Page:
Since his debut with Following, Christopher Nolan has steadily produced a body of work that will no doubt secure his place amongst the pantheon of brilliant directors.
As a filmmaker, Nolan has pioneered new ways to tell stories, to stage action set pieces and has reimagined the modern day blockbuster. This groundbreaking approach to filmmaking has brought him much critical and commercial acclaim and has directly affected the film industry.
With his Dark Knight trilogy, Nolan changed the way comic book movies are approached. It is an undeniable fact that since the unprecedented success of his batman films, studios such as Marvel, Warner Bros. (and its DCEU) and Fox have all attempted to add a bit more reality and grit to their stories.
With Inception, he established that there really are no limits to what can be imagined in terms of set pieces and visual-effects. From the world folding in on itself to a tumbling corridor to the decayed architecture of a mind lost in itself, he gifted the world an example of how, through film, we can manifest our strangest fantasies into believable and compelling action.
Even his foray into science fiction with 2014’s Interstellar demonstrated how, with a universal story, groundbreaking effects and real science, you can create a timeless science fiction epic that not only entertains but also can serve as an academic text to be studied.
Nolan will undoubtedly continue to break ground in cinema and change the way we experience it. However, of his existing oeuvre we can’t help but see one film standing above the rest as his masterpiece. The film that marries everything that makes Nolan such a fascinating auteur.
So, without further ado, here are 10 reasons why The Prestige is Nolan’s best film. Oh, and beware: spoilers lay within.
1. Puzzle Narrative
The film opens with two aspiring magicians, Robert Angier (Hugh Jackman) and Arthur Borden (Christian Bale), working as stooges for Milton the Magician. When Borden and Angier’s partner Julia (Piper Perabo) attempt a new knot for an aquarium escape trick the plan goes horribly wrong and Julia drowns to death. From this a great rivalry is born as Borden and Angier seek to ruin the reputation of the other and discover the secret to the other magician’s tricks.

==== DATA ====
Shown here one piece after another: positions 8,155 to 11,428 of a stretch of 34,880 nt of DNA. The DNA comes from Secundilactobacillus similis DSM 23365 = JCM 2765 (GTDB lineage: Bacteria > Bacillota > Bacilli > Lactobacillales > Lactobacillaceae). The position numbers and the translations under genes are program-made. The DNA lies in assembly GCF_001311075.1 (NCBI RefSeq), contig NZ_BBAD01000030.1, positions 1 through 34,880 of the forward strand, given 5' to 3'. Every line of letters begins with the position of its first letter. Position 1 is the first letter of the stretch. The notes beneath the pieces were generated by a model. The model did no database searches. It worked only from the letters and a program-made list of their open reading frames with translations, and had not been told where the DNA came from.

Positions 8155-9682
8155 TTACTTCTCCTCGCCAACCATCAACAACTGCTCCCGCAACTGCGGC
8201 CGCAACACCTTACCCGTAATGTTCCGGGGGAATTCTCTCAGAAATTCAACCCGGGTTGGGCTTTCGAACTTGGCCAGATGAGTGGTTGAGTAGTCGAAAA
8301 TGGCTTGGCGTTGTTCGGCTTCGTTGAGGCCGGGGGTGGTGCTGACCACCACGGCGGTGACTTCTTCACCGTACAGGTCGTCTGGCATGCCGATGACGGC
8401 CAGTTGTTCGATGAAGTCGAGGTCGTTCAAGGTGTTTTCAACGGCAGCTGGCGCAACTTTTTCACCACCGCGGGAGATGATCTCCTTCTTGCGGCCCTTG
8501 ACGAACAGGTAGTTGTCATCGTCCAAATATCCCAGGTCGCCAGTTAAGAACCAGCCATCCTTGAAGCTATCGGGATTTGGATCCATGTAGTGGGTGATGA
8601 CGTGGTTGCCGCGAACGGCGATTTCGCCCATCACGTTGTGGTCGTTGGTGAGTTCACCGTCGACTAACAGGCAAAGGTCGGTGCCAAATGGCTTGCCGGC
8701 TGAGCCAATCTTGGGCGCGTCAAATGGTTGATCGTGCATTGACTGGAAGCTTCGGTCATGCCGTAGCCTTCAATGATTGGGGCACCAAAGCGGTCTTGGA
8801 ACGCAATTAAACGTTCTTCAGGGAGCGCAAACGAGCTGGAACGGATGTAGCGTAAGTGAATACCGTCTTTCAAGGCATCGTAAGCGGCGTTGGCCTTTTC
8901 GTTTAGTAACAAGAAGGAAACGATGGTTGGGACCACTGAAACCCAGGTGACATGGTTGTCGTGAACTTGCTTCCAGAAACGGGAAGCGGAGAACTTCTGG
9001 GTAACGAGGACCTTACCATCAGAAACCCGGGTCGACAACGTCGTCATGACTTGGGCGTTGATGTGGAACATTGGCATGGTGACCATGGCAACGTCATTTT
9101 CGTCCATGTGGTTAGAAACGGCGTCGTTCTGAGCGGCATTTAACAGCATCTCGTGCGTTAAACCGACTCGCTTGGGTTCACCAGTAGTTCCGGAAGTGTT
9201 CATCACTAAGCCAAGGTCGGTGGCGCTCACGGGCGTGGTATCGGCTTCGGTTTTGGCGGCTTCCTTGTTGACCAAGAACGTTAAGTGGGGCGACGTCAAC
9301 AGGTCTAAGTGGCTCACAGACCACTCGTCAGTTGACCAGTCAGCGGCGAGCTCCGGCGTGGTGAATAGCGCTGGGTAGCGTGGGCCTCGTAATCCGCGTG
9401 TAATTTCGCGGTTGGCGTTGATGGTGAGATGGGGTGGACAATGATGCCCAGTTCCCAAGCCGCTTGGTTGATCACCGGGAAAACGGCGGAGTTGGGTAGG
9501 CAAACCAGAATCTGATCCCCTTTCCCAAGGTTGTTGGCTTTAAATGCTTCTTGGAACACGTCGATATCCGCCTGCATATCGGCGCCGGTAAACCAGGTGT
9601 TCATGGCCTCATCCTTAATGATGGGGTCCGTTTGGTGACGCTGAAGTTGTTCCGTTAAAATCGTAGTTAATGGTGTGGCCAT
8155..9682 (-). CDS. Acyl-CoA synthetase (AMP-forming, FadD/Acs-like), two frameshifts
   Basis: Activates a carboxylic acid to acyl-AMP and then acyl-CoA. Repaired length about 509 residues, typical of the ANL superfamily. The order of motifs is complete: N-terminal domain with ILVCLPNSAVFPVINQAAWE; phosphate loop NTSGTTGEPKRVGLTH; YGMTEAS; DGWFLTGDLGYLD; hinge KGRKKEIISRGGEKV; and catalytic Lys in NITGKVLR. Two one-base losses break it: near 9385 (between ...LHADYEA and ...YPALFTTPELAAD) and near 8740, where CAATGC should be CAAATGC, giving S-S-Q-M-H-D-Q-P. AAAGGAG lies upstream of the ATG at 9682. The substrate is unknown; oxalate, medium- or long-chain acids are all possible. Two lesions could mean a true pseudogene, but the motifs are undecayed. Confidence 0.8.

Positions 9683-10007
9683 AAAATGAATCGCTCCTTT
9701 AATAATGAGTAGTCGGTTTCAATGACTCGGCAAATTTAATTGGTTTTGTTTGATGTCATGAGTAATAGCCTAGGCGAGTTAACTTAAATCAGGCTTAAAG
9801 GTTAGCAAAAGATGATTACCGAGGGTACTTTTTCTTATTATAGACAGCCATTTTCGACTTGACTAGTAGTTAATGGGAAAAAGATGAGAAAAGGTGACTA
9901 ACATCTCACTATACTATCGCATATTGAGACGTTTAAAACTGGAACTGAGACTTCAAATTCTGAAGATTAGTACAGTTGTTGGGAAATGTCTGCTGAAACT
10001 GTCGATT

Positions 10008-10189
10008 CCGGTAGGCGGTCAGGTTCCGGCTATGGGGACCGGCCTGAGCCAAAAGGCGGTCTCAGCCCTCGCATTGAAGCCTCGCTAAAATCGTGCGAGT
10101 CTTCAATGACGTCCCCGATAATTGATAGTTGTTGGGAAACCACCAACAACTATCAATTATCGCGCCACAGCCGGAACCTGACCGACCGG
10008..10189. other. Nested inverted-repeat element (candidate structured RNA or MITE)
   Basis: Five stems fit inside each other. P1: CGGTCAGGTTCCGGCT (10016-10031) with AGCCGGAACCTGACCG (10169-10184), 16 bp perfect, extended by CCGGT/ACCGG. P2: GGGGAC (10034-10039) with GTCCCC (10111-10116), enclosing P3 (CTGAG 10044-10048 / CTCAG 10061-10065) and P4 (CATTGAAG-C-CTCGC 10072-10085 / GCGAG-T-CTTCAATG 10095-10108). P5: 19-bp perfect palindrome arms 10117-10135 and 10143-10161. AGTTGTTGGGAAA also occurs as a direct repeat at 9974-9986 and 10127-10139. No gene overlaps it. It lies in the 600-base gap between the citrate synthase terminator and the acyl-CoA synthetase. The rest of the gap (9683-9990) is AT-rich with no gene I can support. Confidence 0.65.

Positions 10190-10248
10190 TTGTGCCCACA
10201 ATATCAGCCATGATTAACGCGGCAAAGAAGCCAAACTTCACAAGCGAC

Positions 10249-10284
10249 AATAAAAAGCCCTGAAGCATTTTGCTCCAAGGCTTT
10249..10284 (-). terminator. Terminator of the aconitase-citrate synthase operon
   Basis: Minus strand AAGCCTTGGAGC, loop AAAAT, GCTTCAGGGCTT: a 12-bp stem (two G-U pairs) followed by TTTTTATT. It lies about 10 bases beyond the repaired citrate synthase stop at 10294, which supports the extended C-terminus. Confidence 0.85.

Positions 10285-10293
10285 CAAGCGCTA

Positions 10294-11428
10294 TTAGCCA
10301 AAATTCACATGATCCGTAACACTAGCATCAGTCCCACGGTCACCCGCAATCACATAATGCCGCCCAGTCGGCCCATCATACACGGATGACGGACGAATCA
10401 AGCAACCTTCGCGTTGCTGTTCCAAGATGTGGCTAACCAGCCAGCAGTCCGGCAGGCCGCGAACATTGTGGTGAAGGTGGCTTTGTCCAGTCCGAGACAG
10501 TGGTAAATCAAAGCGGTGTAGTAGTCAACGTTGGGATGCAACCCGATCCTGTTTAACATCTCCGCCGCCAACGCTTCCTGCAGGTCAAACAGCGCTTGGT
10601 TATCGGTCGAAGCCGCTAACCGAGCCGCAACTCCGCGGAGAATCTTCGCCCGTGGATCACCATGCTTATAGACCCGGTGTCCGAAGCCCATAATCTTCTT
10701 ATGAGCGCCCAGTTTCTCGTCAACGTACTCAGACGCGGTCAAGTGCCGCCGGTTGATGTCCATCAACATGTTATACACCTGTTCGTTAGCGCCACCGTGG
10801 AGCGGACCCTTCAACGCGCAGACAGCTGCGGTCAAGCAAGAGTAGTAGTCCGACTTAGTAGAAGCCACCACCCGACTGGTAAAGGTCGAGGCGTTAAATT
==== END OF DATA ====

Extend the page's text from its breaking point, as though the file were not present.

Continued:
The plot becomes increasingly more complex and labyrinthine as the two men descend further into their obsessions. Borden begins to get the upper hand with him succeeding in ruining Angier’s reputation and with Angier unsuccessful in discovering the secret to Borden’s transported man trick.
Angier sends his assistant, Olivia (Scarlett Johansson), to manipulate Borden and steal his secrets but, falling for him, she helps Borden instead and gives a Angier a fake diary that sends him on a trip to America to find Nicolai Tesla (David Bowie). Despite Tesla having nothing to do with Borden’s trick he does give Angier a machine that can make clones of anyone or anything that steps inside.
Finally, Borden is led into a trap: as Angier performs his trick – his clone appearing in a balcony behind the audience but this time not revealing himself whilst the real Angier drops into a tank of water and drowns the same way Julia did – Borden is accused of his murder by the only witness, Angier’s ingénieur Cutter (Michael Caine). Angier returns, in disguise, and offers to care for Borden’s daughter if he reveals his secrets. Borden does so, unaware that the man is actually Angier, and is hung to death.